I have posted several articles recently about my modified version of Grossman's Global Rotation Strategy.
I have used the standard metrics to evaluate the system, including CAGR, standard deviation, maximum drawdown, and Sharpe rato. (Sorry, but Sortino gives me a headache.)
I also calculated a value that is similar to standard deviation but which measures the deviation of growth from a monotonic exponential curve. Very simply, I take the LN of returns and fit a straight regression line. Then I calculate the difference between each month's returns from the regression line at that month. I take the root mean square of these differences to arrive at what I call the "linearity" value.
You can see below that the linearity of the modified GMR system over the last 10 years is quite good:
On an arithmetic scale, the returns look like this:
Again, we see quite monotonic growth.
The use of the linearity value was helpful now in optimizing the system some more. Or, actually, de-optimizing it, depending on your point of view.
As discussed in my previous blog post, the maximum returns were provided when the performance and volatility coefficients were 0.75 and 0.25, respectively, and the cash stop threshold was set at 0.75. The linearity value was 14.2% with these parameters.
I found, however, that the "linearity" value could be lowered with other parameters for the weights and cash stop threshold. But these lower values affected performance negatively. I needed to find a way to see the combination of these effects.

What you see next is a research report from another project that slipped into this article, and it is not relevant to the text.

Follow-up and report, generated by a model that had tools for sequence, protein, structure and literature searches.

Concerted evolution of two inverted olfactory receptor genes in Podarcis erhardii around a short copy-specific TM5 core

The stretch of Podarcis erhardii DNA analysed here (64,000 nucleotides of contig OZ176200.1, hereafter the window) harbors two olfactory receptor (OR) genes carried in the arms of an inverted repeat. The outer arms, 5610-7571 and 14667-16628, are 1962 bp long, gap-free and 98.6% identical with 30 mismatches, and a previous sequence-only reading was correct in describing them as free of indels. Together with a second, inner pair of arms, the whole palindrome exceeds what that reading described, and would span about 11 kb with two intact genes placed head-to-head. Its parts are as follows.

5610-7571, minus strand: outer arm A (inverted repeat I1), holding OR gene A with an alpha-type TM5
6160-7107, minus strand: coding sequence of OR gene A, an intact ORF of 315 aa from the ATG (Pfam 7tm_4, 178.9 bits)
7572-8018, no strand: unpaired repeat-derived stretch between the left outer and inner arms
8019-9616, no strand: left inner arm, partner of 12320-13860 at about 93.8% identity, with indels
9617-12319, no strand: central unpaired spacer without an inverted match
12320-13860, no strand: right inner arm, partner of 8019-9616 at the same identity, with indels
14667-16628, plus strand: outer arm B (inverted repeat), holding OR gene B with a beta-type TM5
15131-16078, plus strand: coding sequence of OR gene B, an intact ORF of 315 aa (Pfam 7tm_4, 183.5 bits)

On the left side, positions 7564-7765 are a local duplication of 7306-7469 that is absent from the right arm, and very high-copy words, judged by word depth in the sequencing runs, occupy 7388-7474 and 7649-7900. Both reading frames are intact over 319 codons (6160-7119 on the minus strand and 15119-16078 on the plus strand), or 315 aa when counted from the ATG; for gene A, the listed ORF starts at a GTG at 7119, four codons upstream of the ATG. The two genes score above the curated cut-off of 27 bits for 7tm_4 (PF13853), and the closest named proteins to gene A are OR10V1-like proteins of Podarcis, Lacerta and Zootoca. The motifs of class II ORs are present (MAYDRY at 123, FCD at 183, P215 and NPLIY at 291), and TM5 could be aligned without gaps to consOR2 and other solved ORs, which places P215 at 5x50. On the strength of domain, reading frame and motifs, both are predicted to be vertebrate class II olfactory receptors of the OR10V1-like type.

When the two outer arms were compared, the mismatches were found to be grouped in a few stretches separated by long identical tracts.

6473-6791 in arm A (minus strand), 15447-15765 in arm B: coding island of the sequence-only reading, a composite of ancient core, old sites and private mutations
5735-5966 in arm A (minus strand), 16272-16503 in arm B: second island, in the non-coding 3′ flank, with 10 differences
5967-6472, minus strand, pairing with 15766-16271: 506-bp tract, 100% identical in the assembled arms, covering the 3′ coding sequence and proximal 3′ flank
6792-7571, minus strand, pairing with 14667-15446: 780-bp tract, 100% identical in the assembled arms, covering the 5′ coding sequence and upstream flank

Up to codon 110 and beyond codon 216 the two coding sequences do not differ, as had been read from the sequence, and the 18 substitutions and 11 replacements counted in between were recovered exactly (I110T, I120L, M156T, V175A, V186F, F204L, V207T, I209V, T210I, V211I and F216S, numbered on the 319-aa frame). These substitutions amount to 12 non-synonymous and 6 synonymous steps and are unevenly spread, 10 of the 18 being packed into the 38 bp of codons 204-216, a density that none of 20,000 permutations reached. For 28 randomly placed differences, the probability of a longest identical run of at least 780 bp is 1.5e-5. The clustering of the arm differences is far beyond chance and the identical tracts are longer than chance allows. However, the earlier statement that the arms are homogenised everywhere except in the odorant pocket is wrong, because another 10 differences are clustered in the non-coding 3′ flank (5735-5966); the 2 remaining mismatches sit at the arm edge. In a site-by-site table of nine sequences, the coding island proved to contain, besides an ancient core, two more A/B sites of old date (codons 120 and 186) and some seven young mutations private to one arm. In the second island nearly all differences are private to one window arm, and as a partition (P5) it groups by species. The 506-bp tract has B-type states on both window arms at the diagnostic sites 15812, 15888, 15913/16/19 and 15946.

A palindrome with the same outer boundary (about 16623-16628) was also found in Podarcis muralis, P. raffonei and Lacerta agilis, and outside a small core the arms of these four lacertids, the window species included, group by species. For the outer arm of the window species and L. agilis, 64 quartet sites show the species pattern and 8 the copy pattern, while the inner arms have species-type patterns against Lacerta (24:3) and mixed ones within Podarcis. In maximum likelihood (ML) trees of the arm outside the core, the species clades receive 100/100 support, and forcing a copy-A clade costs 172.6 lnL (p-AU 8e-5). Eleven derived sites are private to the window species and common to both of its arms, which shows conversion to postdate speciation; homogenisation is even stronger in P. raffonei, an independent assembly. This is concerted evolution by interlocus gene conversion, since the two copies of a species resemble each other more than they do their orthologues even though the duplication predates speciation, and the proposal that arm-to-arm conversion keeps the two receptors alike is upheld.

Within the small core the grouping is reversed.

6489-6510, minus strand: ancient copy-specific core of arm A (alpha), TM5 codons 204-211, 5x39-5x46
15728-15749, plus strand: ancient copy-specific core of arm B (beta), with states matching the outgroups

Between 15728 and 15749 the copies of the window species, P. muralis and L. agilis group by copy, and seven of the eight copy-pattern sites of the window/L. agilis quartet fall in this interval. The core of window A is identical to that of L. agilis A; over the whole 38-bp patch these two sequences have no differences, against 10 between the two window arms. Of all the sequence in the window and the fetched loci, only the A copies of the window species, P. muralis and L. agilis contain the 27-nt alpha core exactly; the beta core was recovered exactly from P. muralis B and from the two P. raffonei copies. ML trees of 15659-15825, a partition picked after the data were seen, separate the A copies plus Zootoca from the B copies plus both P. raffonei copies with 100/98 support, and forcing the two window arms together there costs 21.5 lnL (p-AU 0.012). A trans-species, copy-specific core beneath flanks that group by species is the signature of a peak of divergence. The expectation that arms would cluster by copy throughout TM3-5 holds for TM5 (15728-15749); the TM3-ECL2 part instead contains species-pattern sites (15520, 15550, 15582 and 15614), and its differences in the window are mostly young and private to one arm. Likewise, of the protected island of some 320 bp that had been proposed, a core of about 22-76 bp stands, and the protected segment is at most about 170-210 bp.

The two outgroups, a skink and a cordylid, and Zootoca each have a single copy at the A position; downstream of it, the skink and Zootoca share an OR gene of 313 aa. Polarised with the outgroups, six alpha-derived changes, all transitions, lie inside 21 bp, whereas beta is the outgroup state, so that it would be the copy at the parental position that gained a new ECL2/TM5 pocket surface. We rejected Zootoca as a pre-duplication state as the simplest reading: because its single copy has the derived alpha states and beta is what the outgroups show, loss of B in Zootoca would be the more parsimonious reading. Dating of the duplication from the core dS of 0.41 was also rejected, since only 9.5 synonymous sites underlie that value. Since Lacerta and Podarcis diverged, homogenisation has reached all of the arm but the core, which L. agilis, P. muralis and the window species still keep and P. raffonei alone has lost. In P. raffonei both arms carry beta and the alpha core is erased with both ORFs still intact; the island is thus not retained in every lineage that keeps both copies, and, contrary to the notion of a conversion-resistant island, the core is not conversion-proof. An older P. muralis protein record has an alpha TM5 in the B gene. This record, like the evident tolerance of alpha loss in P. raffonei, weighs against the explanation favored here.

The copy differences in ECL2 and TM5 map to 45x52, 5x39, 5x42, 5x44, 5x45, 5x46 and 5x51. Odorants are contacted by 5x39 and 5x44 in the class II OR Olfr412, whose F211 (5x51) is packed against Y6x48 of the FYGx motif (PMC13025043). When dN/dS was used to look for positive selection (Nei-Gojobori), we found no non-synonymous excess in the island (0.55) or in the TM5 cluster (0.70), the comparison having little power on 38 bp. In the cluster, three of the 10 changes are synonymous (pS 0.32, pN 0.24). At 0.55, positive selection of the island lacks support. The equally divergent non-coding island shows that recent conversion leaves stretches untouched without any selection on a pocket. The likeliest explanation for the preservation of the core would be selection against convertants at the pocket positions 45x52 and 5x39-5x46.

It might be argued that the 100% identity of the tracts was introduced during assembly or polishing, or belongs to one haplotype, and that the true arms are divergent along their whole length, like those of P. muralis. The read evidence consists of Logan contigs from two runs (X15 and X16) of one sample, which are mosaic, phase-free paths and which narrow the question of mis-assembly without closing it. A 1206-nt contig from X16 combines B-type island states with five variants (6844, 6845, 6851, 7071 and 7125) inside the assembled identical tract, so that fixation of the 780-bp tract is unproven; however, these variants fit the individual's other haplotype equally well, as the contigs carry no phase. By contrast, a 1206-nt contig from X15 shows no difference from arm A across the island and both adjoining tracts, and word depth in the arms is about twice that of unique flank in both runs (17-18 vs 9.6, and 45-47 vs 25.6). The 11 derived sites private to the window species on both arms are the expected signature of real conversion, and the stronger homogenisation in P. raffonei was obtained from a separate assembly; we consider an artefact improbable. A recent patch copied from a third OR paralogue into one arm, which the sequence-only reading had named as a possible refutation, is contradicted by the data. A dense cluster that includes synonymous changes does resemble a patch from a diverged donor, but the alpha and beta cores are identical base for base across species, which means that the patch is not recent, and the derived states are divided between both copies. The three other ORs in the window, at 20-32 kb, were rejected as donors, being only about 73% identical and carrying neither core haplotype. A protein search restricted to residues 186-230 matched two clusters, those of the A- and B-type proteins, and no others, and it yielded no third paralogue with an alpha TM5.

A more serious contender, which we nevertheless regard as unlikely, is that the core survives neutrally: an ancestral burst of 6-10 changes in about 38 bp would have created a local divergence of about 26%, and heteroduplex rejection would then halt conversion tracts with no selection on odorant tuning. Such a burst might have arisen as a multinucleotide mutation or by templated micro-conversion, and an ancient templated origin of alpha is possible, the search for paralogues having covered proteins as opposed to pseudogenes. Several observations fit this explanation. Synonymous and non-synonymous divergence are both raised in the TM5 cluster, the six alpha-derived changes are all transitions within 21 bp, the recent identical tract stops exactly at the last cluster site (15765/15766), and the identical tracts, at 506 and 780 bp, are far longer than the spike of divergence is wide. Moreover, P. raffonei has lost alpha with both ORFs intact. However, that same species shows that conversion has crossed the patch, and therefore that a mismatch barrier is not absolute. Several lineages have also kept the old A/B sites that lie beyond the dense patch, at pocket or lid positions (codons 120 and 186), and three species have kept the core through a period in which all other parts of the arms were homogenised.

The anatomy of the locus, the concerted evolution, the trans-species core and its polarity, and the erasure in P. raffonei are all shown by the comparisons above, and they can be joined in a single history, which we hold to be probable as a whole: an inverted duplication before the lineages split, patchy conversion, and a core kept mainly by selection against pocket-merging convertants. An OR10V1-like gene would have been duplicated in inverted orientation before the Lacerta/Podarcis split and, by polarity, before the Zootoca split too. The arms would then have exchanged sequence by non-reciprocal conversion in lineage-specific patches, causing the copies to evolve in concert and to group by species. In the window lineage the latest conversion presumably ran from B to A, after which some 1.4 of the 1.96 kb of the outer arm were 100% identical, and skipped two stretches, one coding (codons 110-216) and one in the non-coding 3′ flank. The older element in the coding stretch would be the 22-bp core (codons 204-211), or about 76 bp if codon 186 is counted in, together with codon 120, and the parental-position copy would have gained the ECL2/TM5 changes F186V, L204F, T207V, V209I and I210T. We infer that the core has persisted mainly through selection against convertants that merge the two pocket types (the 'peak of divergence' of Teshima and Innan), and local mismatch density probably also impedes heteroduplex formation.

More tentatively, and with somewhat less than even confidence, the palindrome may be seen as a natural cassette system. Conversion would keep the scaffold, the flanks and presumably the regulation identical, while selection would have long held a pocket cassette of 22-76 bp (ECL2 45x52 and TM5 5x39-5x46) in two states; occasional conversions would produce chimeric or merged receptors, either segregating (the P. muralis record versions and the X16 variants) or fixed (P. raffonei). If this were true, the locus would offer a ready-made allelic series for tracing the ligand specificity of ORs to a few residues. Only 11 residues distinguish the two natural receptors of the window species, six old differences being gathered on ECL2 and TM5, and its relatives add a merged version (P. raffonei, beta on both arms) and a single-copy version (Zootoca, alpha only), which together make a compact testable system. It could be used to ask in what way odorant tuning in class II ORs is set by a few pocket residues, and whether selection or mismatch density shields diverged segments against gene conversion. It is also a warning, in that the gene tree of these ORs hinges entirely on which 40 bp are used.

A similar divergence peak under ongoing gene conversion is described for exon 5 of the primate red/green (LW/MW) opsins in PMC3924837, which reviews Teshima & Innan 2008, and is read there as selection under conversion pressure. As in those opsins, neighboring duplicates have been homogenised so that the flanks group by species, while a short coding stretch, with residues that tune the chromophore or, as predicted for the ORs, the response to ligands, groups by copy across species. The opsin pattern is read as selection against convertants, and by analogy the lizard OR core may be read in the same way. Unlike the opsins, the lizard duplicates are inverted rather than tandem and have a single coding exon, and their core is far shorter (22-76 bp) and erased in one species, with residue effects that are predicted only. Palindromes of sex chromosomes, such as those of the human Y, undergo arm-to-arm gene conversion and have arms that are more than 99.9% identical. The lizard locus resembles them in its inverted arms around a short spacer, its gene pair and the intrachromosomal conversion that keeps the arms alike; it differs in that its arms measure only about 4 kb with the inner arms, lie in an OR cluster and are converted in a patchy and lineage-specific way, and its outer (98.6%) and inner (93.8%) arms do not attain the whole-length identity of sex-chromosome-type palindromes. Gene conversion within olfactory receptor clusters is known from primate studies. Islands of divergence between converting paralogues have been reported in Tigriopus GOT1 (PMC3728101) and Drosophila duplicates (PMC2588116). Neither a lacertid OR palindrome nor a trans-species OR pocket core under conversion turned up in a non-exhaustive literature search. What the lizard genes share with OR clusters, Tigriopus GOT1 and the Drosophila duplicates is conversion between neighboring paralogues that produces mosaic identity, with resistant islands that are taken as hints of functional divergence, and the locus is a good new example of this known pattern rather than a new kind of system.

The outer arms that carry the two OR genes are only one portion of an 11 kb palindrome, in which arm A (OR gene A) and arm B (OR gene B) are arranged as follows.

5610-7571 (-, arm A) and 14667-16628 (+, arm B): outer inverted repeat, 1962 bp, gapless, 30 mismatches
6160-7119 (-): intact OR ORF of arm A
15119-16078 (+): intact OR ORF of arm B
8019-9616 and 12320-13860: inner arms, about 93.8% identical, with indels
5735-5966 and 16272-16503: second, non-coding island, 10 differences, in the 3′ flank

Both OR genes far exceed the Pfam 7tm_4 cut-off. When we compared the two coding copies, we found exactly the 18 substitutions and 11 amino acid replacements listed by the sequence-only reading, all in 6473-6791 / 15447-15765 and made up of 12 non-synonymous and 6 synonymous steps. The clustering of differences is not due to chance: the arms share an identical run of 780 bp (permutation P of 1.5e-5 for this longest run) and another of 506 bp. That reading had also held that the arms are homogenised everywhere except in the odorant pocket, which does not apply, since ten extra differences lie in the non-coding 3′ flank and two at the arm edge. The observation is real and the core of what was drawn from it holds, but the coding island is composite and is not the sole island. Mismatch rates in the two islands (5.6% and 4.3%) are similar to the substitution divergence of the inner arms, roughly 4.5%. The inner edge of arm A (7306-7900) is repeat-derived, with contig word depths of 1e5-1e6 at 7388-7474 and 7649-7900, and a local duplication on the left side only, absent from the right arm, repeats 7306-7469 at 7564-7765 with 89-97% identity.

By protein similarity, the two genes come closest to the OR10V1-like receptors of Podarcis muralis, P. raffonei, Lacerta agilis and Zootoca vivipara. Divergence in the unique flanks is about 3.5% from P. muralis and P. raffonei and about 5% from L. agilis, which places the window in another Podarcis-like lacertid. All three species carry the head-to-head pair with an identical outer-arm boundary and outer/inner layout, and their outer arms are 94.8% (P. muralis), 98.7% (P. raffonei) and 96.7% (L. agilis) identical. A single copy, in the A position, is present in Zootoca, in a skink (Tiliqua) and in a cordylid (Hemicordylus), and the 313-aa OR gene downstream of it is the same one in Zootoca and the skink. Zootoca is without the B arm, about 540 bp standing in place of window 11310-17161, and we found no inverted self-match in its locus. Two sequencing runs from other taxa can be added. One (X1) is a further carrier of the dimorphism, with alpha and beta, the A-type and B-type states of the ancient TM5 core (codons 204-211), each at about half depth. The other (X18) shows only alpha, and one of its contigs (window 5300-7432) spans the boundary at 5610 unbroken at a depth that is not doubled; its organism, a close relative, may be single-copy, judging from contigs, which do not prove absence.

The New Sharpe* Ratio
To account for all this, I calculated a new ratio that I call the Sharpe* which is simply the CAGR of returns divided by the linearity value.
The best value for Sharpe* was achieved when the weights were 1.0 and 0.0 for performance and volatility, respectively. In other words, volatility increased the volatility, which makes sense when you consider that higher volatility increased the ranking. Any use of volatility at all in the system reduced the Sharpe* value. While the rate of return fell, the linearity increased by a greater proportion, thereby increasing the Sharpe* ratio.
I found that lowering the stop also improved the Sharpe* value. The optimal value of Sharpe* was achieved with the cash stop threshold at 0.5 (with the weights at 1.0 and 0.0 as above).
With these parameters, the Sharpe* value was a whopping 3.62 with a linearity of 11.1%. (By contrast, the S&P's Sharpe* value is 0.254 with a linearity of 28.9%.) The log of the equity curve and the fit line of my system is shown below:
The 11% linearity is truly remarkable over a 10 year period.
Testing The Modified GMR Back 20 Years
One of the commenters on Grossman's original GMR article had professed to backtesting the system using similar Vanguard mutual funds for which price data was available into the early 1990s. He identified FDVLX (US), FIEUX (Europe), FEMKX (Emerging), FLATX (Latin), FPBFX (Pacific), and VUSTX (Long Bonds).
I found price data for these funds on Yahoo! Finance back to December 1993 and applied the system to this price data. For cash, I used SHY from inception in 2003 and a fixed dollar amount before then.